Over at Vox, they note that obsessive fear-mongering about FDA regulation of GMO foods obscures the fact that people have been modifying plant and animal genes for many thousands of years, and "traditional" agriculture is pretty far removed from what people think it is.
Ever since the 1920s, scientists have been exposing seeds to ionizing radiation or chemicals in order to induce random mutations. Some of the resulting mutant plants end up having desirable traits.
This isn't some sci-fi fantasy. More than 2,500 varieties of plants bred through mutagenesis have been released since the 1930s — including rice, wheat, barley, peas, sunflowers, peanuts, grapefruit. There are even organic foods produced using mutation breeding, such as Rio Red grapefruits.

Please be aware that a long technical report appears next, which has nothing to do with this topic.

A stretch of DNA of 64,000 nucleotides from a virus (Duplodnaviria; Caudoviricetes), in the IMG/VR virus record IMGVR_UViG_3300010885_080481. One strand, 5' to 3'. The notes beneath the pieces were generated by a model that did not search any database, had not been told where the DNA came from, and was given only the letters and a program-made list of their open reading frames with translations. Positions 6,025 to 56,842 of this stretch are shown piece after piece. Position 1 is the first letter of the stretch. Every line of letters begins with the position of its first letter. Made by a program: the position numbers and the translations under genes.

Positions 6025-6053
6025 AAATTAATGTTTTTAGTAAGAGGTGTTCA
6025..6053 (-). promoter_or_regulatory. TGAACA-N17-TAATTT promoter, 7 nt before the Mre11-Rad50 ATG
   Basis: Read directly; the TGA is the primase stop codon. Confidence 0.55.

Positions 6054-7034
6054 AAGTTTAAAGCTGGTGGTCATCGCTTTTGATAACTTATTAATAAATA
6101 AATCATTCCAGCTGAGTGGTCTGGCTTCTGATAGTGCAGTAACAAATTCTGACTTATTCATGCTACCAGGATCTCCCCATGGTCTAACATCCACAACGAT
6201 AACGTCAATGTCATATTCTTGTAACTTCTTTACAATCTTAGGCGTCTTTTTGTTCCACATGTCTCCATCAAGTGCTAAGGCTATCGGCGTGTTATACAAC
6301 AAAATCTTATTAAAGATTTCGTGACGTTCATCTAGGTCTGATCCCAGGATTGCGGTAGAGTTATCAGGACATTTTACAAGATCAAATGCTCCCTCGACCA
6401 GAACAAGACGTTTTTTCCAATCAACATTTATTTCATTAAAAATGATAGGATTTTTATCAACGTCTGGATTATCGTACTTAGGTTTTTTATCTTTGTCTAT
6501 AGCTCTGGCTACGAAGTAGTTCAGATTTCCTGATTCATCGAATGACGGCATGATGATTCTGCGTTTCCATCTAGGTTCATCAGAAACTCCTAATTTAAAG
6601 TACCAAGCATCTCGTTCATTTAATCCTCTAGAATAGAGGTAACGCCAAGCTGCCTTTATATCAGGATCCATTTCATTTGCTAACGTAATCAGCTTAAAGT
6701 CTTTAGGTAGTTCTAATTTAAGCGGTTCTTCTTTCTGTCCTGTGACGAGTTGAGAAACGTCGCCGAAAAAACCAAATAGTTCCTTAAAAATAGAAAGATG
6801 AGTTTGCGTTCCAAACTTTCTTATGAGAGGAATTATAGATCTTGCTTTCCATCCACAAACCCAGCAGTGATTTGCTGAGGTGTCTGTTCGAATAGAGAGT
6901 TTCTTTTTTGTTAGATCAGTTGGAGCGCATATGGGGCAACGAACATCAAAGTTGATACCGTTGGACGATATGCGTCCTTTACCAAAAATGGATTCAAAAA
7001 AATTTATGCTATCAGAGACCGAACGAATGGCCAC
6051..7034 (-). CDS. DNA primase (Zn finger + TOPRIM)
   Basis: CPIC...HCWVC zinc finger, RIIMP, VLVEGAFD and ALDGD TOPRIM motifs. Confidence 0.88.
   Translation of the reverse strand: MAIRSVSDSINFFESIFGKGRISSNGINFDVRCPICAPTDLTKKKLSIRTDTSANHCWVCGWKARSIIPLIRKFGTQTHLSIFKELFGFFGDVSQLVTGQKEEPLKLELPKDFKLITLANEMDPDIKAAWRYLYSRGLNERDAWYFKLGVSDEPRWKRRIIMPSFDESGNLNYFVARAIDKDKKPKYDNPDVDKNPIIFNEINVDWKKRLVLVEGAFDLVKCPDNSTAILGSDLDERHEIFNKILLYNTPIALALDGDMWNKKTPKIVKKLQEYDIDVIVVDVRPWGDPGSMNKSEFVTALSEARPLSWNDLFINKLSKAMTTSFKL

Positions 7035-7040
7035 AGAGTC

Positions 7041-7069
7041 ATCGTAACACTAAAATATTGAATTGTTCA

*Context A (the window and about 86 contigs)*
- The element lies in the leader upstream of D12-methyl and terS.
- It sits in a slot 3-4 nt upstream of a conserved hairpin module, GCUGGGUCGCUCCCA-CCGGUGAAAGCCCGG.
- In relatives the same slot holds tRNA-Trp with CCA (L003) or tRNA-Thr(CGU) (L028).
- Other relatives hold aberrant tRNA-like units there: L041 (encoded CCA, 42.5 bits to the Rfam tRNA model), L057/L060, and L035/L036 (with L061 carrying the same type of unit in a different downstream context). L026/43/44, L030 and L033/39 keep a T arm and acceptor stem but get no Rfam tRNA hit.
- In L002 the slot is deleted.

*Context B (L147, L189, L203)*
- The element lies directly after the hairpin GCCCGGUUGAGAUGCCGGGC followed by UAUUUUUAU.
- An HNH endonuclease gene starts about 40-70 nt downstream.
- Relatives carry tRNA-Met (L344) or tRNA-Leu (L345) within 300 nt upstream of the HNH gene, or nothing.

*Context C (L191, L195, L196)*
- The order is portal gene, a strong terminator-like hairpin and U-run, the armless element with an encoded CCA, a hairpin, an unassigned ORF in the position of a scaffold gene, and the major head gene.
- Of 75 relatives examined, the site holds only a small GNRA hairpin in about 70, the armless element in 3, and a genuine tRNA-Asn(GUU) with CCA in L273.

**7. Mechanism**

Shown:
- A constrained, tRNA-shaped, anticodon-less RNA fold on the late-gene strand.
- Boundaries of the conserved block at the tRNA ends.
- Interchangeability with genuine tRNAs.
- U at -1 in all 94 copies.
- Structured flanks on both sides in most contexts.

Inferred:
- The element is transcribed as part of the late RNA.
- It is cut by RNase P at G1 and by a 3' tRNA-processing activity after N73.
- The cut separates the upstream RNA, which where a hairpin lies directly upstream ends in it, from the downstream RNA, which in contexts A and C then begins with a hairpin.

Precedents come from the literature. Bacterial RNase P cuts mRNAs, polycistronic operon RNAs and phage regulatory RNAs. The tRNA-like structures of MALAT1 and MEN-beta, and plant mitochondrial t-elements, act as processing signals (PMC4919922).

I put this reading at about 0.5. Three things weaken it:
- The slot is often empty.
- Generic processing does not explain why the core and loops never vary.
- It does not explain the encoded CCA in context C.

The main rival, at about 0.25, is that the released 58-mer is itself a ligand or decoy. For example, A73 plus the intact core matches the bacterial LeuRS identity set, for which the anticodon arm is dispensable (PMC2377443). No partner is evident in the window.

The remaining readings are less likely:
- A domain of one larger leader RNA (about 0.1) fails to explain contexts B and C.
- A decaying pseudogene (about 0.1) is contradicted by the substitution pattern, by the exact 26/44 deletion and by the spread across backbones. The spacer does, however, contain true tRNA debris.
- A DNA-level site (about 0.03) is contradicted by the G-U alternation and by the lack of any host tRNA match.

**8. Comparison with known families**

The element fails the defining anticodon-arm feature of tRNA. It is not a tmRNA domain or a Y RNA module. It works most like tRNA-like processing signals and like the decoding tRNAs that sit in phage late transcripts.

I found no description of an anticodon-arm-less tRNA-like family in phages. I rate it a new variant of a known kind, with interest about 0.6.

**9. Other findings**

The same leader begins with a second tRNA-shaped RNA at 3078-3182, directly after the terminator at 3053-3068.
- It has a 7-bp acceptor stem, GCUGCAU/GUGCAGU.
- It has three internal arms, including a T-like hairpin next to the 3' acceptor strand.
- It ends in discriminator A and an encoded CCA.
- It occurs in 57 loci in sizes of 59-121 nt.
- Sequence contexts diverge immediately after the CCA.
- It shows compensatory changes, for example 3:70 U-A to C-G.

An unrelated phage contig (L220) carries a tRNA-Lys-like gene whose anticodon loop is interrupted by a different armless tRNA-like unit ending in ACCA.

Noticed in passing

This is considered a "conventional" breeding technique — it's not regulated the way GMO foods are, which is why companies like BASF and Monsanto are turning toward it.